Such an education, which would tie each person to the eternal and the timeless, would also give the American something in which he could believe rather than knowing himself only as an opponent.
For we are in serious danger of having, if we are honest, to give a new answer to Crevecoeur’s famous question, ‘Who is this new man, this American?’ In his day the answer would have been Jefferson’s: He is a man self-confident and self-reliant; he believes himself capable of governing himself; he is weak in physical resources and national power, but his inner convictions are indomitable and will prevail. Today, we should have to say: He is a citizen of the most powerful nation on earth, but he is frightened—or at least his leaders in government, in the press, in the church, and even in the universities tell him that he ought to be frightened—by the specter of communism. And fright has caused him to do violence to the things which he once prized most dearly. As Tocqueville said with prophetic insight more than a century ago, ‘No form or combination or social policy has yet been devised to make an energetic people of a community of pusillanimous and enfeebled citizens.’ The weakness we have to fear is not one of material resources, but of the moral fiber of our nationhood and its principles.
In other words, we must be more than merely anti-Communist. We must be pro-American, faithful to the liberal ideal of the good, the true, and the beautiful. Again, Boyd is worth quoting at length.
Toward tyranny in any form Jefferson had vowed eternal hostility and in his Empire of Liberty, therefore, tolerance of diversity was implicit. His devotion to this nation was not the narrow patriotism of the Greeks nor the barbaric sense of fatherland that Goethe and Lessing abhorred. Though he called it an Empire of Liberty, it was to be neither an isolated political entity nor an imperialistic force for compulsory extension of ideals of liberty: its domain and compulsions would be in the realm of the mind and spirit of man, freely and inexorably transcending political boundaries, incapable of being restrained, and holding imperial sway not by arms or political power but by the sheer majesty of ideas and ideals.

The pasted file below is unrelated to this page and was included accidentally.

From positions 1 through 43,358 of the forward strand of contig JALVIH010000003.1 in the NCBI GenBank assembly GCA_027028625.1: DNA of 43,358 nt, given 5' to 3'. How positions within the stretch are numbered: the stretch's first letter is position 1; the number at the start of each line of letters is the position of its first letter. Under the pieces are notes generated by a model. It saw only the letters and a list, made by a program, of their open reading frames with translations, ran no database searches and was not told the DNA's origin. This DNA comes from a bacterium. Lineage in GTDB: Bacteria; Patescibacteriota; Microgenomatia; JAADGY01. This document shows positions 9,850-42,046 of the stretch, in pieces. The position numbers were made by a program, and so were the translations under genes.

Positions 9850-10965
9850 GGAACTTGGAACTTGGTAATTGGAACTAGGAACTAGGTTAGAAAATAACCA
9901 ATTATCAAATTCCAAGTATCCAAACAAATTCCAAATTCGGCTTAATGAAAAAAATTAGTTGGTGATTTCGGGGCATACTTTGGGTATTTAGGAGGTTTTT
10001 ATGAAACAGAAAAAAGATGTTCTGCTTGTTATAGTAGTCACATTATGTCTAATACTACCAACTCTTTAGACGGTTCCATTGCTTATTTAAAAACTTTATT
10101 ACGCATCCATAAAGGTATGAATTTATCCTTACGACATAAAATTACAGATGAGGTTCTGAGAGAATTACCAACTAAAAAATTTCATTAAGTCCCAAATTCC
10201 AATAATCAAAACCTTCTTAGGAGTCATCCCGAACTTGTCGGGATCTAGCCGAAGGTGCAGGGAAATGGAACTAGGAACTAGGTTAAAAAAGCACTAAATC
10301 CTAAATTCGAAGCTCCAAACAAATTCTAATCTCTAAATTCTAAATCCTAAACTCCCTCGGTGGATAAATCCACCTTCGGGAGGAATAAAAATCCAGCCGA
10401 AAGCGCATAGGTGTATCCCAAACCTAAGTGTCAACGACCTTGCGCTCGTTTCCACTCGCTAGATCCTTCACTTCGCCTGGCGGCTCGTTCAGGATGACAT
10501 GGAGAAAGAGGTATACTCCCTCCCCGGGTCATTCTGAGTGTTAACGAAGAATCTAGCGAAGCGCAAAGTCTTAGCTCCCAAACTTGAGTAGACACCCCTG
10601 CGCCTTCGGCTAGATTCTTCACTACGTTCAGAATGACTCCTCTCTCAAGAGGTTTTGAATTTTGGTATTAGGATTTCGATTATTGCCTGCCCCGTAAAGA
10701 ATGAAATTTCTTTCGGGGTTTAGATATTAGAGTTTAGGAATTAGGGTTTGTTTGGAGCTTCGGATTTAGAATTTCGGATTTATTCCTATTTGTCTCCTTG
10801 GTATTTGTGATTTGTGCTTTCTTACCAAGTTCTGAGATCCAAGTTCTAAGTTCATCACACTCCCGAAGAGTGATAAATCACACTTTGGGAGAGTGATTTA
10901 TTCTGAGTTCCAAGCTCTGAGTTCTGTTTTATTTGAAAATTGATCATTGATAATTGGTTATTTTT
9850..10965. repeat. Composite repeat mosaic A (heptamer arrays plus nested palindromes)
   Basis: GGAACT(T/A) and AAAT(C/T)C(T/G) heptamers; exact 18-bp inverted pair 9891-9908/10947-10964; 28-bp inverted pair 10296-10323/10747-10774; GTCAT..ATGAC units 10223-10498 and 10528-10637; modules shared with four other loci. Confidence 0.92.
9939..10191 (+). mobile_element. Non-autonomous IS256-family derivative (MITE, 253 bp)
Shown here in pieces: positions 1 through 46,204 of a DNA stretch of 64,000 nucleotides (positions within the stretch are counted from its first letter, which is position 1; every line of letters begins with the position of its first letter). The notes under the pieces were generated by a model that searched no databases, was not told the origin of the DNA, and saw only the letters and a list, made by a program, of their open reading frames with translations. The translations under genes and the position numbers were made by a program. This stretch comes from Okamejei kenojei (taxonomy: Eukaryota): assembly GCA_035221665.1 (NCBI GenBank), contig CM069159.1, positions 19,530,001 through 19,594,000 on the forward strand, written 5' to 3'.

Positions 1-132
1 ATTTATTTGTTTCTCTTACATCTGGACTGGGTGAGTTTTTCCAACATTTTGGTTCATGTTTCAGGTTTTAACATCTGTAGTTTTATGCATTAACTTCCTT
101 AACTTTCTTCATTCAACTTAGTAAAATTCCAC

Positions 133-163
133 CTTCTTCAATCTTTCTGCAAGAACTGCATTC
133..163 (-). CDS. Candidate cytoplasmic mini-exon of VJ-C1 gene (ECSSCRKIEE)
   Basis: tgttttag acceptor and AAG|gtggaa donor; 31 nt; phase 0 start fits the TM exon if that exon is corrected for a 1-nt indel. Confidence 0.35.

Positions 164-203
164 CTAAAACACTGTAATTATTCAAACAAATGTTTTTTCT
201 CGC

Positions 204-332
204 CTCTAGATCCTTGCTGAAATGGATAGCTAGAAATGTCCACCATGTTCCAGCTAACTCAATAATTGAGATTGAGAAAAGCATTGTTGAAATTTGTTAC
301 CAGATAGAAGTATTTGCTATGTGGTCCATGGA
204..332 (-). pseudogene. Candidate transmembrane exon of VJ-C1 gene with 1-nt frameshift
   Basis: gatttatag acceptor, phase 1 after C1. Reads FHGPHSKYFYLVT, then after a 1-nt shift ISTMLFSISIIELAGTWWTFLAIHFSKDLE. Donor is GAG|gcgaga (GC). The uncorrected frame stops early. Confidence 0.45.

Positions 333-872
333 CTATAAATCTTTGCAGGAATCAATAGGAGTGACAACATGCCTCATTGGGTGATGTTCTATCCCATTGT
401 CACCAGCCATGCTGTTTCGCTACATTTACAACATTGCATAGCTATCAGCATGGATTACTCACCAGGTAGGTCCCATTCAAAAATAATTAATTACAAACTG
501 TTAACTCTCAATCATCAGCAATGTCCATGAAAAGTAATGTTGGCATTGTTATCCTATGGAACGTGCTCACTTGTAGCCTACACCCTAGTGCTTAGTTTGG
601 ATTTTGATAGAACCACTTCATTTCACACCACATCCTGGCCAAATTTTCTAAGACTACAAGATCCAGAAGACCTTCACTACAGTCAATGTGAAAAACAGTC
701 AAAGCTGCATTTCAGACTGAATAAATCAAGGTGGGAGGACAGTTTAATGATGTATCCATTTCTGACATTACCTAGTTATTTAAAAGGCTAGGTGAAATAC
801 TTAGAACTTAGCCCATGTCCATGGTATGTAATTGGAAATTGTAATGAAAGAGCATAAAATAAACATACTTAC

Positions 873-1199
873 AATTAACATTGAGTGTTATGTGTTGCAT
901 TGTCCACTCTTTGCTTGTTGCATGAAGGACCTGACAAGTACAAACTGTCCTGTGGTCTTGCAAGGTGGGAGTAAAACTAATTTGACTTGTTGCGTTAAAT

Not surprisingly, then, Jefferson inspired not only his fellow countrymen, but, as a leading citizen of a republic of letters, he inspired hundreds of European intellectuals as well.
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 Julian P. Boyd, “The Relevance of Thomas Jefferson for the Twentieth Century,” American Scholar 22 (Winter 1952-1953): 73.
 Julian P. Boyd, “Thomas Jefferson’s ‘Empire of Liberty,’” Virginia Quarterly Review 24 (Autumn 1948): 547.
 Julian P. Boyd, “The Relevance of Thomas Jefferson for the Twentieth Century,” American Scholar 22 (Winter 1952-1953): 72.
 Ibid., 75. See also Daniel Boorstin, The Lost World of Thomas Jefferson (1948; Chicago, IL: University of Chicago, 1993), 218-225; Adrienne Koch, “Jefferson’s Books,” New York Times (September 7, 1952), BR6; Marie L. Vagts, “The Stoa and American Deism,” The Classical Outlook 27 (January 1950): 43-44; and Gerald W. Johnson, “Classics and Jefferson,” New York Herald Tribune (November 9, 1947), E26.
 Julian P. Boyd, “Thomas Jefferson Survives,” American Scholar 20 (Spring 1951): 164-165.
 Ibid., 168. See also Dumas Malone, “The Men Who Signed the Declaration,” New York Times (July 4, 1954), SM6.
 Julian P. Boyd, “Thomas Jefferson’s ‘Empire of Liberty,’” Virginia Quarterly Review 24 (Autumn 1948): 548.
 On Jefferson inspiring Europeans, see Adrienne Koch, “Jefferson’s Books,” New York Times (September 7, 1952), BR6.
The featured image is a portrait of Thomas Jefferson by Matthew Harris Jouett and is in the public domain. It has been brightened slightly for clarity and appears here courtesy of Wikimedia Commons.